Destry Rides Again (1939): United States – directed by George Marsahll
Not rated by the MPAA – contains some violence, and a few pants-less men
Destry Rides Again isn’t a typical Western, in many respects. Destry himself is a non-violent pansy for much of the movie, in a move that I can applaud the filmmakers for attempting. With Jimmy Stewart occupying a lead role alongside Marlene Dietrich, the film becomes a near-classic, held up by only a few flaws.
The story is nothing terribly original for a Western, though in late 1930’s America it probably hadn’t been tried too many times before (discounting the 1932 version of the book). Some inconsistent tones hurt the film toward the end, but with a strong cast and a competent production, Destry Rides Again is worth watching, if only to see an early iteration of Jimmy Stewart’s Elwood P. Dowd from Harvey.
The first chunk of the film endures without Stewart, and instead sets up the town of Bottleneck. It’s a rough-housing type of Western town, full of drunken cowboys and loose women. There are a number of well-to-do families, but they often get pushed around by those on the fringes of the law. Sheriff Keogh (Joe King) tries his best, but after a particularly shifty game of cards the Sheriff is “disappeared.”
Mayor Slade (Samuel S. Hinds) is more concerned with upholding the status quo than fighting for justice, as it allows him to pursue nightly games of checkers with ample amounts of booze. He lets Kent (Brian Donlevy), the local crime lord, get away with just about anything. Kent’s forte is using Frenchy (Dietriche) to scam poker players out of their land and life savings. Once Sheriff Keogh is gone, they’re eager to set a new lawman in his place, preferably one they can continue to push around.
Who better for the job than the local drunk, Washington Dimsdale (Charles Winninger)? Unfortunately for Kent and Slade, Dimsdale decides that once he’s Sheriff it’s time to clean up and fly right. To this end he sends for Tom Destry, Jr. (Stewart), son of a legendary quick-draw lawman famed for cleaning up several difficult towns.
Tom arrives but is an instant disappointment for Dimsdale. Tom doesn’t wear a gun, and prefers to talk to people instead of shoot them. Dimsdale argues that the town needs a violent lawman capable of instilling fear in its populace, but Tom won’t budge. He becomes friendly with Frenchy, and soon comes close to discovering the truth behind Keogh’s disappearance, all the while attempting to right the injustices meted out on the town’s citizens by Kent.
The most admirable part of the film is Destry’s continued insistence on non-violence. He’s capable of drawing much faster than any of the bad guys in town, but never wears a gun. This makes it all the more disappointing, thematically, when he straps on his gun belt for a final showdown toward the end of the film. Until then he’s been a paragon, being treated like a pansy for refusing to fight, and his ultimate recourse turns out to be violence. Fortunately, the climactic battle is interrupted by a horde of women marching with farm utensils in hand. Destry’s final (and only) act of violence turns out to be justified, but his willingness to strap on the gun at all remains mildly disappointing.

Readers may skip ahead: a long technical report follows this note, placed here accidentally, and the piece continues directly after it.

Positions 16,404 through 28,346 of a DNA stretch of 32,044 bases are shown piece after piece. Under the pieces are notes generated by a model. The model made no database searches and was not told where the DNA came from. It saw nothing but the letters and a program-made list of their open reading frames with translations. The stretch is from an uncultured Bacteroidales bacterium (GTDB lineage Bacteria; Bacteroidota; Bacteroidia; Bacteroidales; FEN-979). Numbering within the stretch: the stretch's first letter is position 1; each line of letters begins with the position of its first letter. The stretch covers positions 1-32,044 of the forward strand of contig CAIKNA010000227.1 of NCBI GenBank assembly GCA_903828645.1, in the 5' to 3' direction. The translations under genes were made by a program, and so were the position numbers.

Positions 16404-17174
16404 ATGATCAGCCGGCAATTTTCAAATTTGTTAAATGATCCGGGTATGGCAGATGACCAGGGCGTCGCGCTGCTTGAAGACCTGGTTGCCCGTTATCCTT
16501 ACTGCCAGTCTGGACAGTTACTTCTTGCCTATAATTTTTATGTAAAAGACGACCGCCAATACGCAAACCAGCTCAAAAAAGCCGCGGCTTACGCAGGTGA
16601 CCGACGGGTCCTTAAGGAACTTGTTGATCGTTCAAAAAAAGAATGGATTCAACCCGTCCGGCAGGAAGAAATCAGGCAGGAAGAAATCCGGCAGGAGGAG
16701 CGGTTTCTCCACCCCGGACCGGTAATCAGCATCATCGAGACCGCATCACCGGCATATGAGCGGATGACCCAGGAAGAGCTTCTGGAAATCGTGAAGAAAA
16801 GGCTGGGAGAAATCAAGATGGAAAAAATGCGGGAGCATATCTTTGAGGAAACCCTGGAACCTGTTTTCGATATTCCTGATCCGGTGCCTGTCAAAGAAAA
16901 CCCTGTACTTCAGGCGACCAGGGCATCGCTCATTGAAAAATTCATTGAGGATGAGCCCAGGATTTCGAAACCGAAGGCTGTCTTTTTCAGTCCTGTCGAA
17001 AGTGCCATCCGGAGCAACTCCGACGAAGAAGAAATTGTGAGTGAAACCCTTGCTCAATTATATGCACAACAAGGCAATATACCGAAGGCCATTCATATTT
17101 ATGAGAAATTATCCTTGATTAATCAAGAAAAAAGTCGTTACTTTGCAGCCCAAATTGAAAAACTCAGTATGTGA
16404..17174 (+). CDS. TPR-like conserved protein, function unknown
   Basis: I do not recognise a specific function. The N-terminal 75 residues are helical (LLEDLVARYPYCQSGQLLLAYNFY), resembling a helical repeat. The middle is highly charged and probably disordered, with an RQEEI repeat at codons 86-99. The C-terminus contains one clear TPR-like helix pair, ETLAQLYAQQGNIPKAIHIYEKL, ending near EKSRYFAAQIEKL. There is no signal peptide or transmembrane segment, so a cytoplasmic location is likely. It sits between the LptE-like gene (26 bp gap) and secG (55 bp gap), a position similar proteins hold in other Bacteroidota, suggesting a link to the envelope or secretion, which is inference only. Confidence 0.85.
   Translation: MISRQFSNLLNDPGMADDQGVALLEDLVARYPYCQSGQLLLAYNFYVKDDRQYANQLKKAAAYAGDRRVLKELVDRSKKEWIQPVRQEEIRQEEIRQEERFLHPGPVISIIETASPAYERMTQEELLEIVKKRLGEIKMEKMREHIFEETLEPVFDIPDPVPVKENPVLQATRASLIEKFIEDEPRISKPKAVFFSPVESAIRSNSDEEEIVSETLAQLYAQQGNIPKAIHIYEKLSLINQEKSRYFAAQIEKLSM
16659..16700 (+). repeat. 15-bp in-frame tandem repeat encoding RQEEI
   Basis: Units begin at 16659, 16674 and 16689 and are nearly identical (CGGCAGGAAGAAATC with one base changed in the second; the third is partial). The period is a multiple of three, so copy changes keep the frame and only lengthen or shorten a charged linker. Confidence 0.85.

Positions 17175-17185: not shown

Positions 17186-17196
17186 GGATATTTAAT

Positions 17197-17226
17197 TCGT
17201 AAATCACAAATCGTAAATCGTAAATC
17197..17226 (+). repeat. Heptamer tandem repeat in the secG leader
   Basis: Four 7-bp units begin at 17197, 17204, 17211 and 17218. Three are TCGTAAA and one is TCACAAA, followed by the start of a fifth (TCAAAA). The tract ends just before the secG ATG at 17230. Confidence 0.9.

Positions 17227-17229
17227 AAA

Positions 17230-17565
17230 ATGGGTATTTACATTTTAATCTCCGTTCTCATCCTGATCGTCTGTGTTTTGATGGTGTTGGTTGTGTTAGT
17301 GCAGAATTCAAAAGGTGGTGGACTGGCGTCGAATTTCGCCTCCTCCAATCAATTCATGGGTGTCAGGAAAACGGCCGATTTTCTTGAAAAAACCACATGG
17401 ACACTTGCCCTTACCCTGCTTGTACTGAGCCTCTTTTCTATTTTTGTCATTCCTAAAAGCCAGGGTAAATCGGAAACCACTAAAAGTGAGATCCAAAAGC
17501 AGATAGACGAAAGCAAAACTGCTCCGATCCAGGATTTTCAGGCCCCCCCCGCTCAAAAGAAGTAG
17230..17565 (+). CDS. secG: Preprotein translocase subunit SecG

Stewart is the best part of the film. Dietrich plays a French prostitute/hustler/singer with ease, oozing a bizarre kind of confident, world-weary sexuality, but her accent remains a hindrance. A time or two she becomes upset and her voice cracks, revealing her German roots. Though she is visually striking in her every scene, Stewart is the film’s stalwart. He speaks slowly and doesn’t carry any stick. He starts most conversations out with “I had a friend once…” and continues the story with a timely parable. But he’s never overbearing or annoying, and his quiet, gentle manner serves him well in most situations. When needed he will strike a man, but he usually wins with dialogue.
There are a few technical issues, with most of the fault lying in some non-continuous editing. Visually the film is pleasant, and it moves along at an adequate pace. More impressive than any element of the story or production is Stewart, whose temperament is always charming while he frustrates the bad guys, like an early Columbo. Destry Rides Again is worth watching solely for Stewart and Dietrich, particularly in an amusing scene wherein they duke it out on a barroom floor. A near-classic that doesn’t quite embody greatness, the film is nevertheless worth watching for fans of the cast or early Westerns.